Faucet pipe broke inside brick wall

Discussion in 'Plumbing Forum, Professional & DIY Advice' started by Rush2828, Mar 25, 2019.

  1. Rush2828

    Rush2828 New Member

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    Wedgefield SC
    This is probably a obvious simple fix but I wanted to ask for help from anyone with experience before I go an further. I broke my fawcet pipe last friday and it broke inside the brick wall of my pump house. It's loose when I try to move it from the outside but it's not moving on the inside. I've been chiseling on both sides to get the pipe loose so I can cut and fix it. Fixing the pipe is the easy part. I think if I clear out just the cement above and around the pipe it should ok and make it loose enough to cut the pipe loose. What should I do about the bricks and cement exactly?
    Here are some pictures of the inside and outside.

    20190325_105421.jpg
    20190325_105407.jpg
    20190325_105357.jpg
    20190325_105333.jpg
     
    Last edited: Mar 25, 2019
  2. Reach4

    Reach4 Well-Known Member

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    You might post photos.

    Can you pull the outside pipe out of the hole?

    I am thinking you want to keep the prettiest pump house around less damaged. One thing I would consider is to cut the pipe inside, leaving some showing, and get a core drill that just fits over the pipe stub. Then drill in.

    Expect to pay maybe $50 to rent matching electric part and the core drill bit. Some are made to cut dry. If you get the kind that should be wet, keep it wet. The cheaper bits you buy rather than rent would typically be the wet type.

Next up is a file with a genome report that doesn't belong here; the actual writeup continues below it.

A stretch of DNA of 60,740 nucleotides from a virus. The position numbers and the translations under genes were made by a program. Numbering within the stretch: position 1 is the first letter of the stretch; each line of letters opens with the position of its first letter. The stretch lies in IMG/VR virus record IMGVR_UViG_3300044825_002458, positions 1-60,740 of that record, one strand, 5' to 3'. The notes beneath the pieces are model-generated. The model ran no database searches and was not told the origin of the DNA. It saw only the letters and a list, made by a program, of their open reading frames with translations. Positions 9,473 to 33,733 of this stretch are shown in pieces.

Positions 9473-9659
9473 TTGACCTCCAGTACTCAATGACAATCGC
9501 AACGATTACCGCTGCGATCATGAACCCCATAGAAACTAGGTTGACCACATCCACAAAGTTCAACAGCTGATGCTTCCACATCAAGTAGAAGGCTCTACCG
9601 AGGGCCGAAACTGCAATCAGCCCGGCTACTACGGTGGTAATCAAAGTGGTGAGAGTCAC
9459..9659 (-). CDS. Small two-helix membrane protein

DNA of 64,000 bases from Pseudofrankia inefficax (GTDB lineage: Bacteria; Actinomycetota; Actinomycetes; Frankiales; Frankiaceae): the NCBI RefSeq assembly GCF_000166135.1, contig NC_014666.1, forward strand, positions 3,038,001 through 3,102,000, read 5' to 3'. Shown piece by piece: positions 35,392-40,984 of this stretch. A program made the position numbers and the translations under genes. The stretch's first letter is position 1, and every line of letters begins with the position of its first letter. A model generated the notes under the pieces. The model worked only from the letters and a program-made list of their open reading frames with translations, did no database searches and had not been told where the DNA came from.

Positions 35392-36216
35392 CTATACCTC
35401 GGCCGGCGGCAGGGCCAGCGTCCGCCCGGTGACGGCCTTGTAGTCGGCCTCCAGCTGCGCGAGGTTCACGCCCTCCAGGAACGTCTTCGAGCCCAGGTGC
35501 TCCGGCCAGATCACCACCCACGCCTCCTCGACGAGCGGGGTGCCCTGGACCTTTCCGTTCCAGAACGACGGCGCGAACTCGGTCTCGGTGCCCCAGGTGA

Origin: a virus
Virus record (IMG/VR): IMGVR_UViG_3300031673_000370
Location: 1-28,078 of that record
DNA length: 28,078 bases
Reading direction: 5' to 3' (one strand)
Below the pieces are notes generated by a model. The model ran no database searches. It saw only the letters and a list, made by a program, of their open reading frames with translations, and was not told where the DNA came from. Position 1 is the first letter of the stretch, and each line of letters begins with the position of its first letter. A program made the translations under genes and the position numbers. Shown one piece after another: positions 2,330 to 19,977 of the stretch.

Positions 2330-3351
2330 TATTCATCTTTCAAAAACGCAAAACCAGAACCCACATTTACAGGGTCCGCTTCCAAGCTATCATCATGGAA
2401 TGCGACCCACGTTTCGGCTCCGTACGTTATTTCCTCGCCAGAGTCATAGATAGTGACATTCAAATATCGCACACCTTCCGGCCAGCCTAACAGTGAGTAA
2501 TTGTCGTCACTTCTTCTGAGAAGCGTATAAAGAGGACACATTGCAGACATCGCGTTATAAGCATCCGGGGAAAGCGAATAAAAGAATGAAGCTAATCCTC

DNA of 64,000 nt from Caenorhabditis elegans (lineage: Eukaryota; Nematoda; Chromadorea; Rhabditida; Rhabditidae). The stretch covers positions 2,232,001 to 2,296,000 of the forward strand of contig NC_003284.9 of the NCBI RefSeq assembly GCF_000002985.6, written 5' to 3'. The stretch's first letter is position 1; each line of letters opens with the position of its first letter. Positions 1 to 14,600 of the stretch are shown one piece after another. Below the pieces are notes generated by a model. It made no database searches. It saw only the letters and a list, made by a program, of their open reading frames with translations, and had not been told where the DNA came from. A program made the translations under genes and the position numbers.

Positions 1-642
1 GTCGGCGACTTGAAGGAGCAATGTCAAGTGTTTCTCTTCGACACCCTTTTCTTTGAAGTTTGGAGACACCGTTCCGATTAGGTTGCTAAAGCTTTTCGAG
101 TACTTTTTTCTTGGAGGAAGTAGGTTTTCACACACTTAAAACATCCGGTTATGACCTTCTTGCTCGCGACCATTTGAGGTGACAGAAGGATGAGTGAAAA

I am not a pro.
     
    Last edited: Mar 25, 2019
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  4. Rush2828

    Rush2828 New Member

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    20190325_105357.jpg
    20190325_105333.jpg
    20190325_105407.jpg
    20190325_105421.jpg

     
  5. Rush2828

    Rush2828 New Member

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  6. Reach4

    Reach4 Well-Known Member

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    The pictures show things to be different than what I had expected. I don't think you are going to need a core drill.

    1. where is the pipe below the faucet going?
    2. what diameter or circumference are the pipes?
    3. On the inside, is the horizontal pipe jogging down a few inches, and then elbowing out the wall to the faucet, and that is where the leak appears?
     
  7. Rush2828

    Rush2828 New Member

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    The pipe is going out to another fawcet on the other side of the house. I turned the water off going that way because the pipe is broke. I don't know the diameter and circumference of the pipes, but I have spare pvc that is the same that I will cut new pieces from. I don't know what that piece is going down from the pipe on the inside is for but the leak is on the pipe right inside the wall.
     
  8. Reach4

    Reach4 Well-Known Member

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    Are you saying that inside piece on the right side of the horizontal pipe is a tee with the middle leg down, and the inside horizontal pipe is at the same altitude as the faucet?
     
  9. Rush2828

    Rush2828 New Member

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    I guess, it's caped off and the pipe is at the same level as the fawcet.
     
  10. Reach4

    Reach4 Well-Known Member

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    Probably best to cut the pipes, add an inside valve, put new piping through the wall, and join the other pipe.

    Once you cut, I think you will be able to cut PVC, and twist the pipes out. If not, use reciprocating saw or a power jigsaw. Put the blade into the open pipe, and cut outward.